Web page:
3 minute read

IGNITE September 2020

Suicide prevention requires urgent consideration

Presenting a united front in caring for each other

Suicide prevention is a cause that has gained much traction over recent years, but I’ll be honest, we still have a lot of work to do. It’s about more than a hashtag or a social media post during the month of suicide prevention, although those activities do bring much-needed awareness to the movement. Nor is suicide prevention just about the individuals on the brink of taking their own life.

Mental illness is not just a personal problem that can be ignored. It affects everything in one’s life.

This topic is one that the Rockford area, OUR community, is far too familiar with. We feel it deeply. The loss of parents, children, friends, cousins and that colleague that had the office space across from yours. Mental illness is not just a personal problem that can be ignored. It affects everything in one’s life. It can affect the ability to get out of bed, work performance and even the will to live. Suicide was a concern long before 2020’s calendar-ofdisaster, but the level of isolation, fear and uncertainty amid this pandemic has only shown an influx in levels of anxiety and suicide rates.

Even further, the psychological and socioemotional effects will likely be seen for long after.

The Need for Good Listeners

Now is when we need to unite and take care of one another. Offer your help, call your friends and family, write a kind letter to the nursing homes. I challenge you to do something. If you’re worried about someone, don’t be afraid to call for help and remove access to methods.

Preventing suicide is about all of the cataclysmic moments that lead to the one where someone feels so utterly hopeless, they attempt suicide. It is about whether someone has access to core necessities — taking it back to Maslow’s Hierarchy — and whether they have access to rehabilitation, counseling and support.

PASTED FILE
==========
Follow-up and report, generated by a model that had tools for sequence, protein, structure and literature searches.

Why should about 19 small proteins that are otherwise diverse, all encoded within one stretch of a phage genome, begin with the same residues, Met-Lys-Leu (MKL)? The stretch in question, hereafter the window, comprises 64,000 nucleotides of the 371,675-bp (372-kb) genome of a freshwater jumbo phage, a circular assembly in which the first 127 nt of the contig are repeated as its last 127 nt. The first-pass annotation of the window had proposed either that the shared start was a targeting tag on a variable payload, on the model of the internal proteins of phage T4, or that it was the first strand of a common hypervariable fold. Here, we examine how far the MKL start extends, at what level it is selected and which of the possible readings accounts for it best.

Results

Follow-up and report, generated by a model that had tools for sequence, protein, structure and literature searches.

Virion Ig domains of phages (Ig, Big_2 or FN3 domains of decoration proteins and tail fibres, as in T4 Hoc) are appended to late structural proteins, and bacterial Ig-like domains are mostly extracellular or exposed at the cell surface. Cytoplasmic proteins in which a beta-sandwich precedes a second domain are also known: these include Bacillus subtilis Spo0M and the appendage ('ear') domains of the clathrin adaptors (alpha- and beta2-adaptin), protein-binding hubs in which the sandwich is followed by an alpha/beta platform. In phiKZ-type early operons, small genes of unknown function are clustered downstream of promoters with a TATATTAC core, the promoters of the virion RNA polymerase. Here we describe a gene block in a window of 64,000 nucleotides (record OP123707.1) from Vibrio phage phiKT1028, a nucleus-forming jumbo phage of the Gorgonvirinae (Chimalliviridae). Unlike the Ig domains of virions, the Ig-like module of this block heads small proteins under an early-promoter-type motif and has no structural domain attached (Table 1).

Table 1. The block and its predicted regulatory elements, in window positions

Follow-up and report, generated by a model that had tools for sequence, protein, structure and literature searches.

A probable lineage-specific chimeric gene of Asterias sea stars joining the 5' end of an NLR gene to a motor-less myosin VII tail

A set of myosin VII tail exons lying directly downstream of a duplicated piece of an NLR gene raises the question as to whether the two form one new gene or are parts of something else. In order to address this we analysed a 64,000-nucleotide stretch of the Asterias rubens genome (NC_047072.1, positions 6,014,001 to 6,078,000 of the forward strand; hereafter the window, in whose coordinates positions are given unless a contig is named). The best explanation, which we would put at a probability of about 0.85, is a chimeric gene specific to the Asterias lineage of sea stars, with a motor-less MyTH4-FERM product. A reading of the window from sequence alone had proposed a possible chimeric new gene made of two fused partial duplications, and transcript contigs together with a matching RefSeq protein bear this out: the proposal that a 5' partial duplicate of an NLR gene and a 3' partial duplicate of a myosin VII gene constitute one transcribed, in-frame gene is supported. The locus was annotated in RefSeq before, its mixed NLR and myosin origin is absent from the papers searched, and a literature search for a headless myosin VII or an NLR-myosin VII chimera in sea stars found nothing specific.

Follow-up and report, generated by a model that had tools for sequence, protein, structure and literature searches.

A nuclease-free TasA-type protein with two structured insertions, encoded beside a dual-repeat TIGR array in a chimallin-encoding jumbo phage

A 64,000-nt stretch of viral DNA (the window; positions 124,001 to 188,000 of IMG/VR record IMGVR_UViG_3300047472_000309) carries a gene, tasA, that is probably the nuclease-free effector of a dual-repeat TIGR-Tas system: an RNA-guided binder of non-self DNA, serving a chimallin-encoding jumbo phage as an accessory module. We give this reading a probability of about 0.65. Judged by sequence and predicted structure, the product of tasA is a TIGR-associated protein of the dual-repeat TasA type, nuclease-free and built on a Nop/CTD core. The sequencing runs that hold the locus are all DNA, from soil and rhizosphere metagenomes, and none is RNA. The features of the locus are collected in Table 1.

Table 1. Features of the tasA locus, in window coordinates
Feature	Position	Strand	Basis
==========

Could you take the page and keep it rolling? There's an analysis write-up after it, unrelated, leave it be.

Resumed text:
Suicide prevention requires all community members, bosses, colleagues, industries and supportive services to collaborate and take part. We’ve learned many things about suicide prevention, and an important lesson learned is that it is not just one thing — it is all of the things.

Beyond the national statistics that suicide is the 10th leading cause of death in America and that 132 people die by suicide each day (American Foundation for Suicide Prevention), we see our neighbors, the grieving parents, who just said goodbye to their 14 year-old for the last time, or our grown friends who lost their parent to suicide. And we see this a lot.

While reading the numbers, seeing the faces, and hearing their stories is absolutely devastating, I say as a suicide loss survivor and a suicide attempt survivor, there is something that needs to be heard. … We can prevent this.

The work can be done at whichever level you feel most comfortable. Maybe you start with learning more about mental health and suicide prevention through Google or a research organization like AFSP.org. You can learn about healthy stress coping skills and make your own stress ball. (Hint: Contact me, and I’ll send you a free kit to make your own.)

For others, it might look like calling a friend or colleague who has been acting differently lately to really check in on them — beyond the usual “I’m fine” or “I’m tired.” And for the most devoted, you can host a training for your staff or group of friends on suicide prevention 101. You can ask your partner to join you in finding a counselor.

There are so many ways to get involved and be part of saving someone’s life — maybe even your own — and it often begins with a conversation. Despite societal myths, asking if someone is thinking of ending their life does not increase the risk. So take a moment to talk to the people you care about. You never know who needs someone. Everyone has a story, we just need to listen.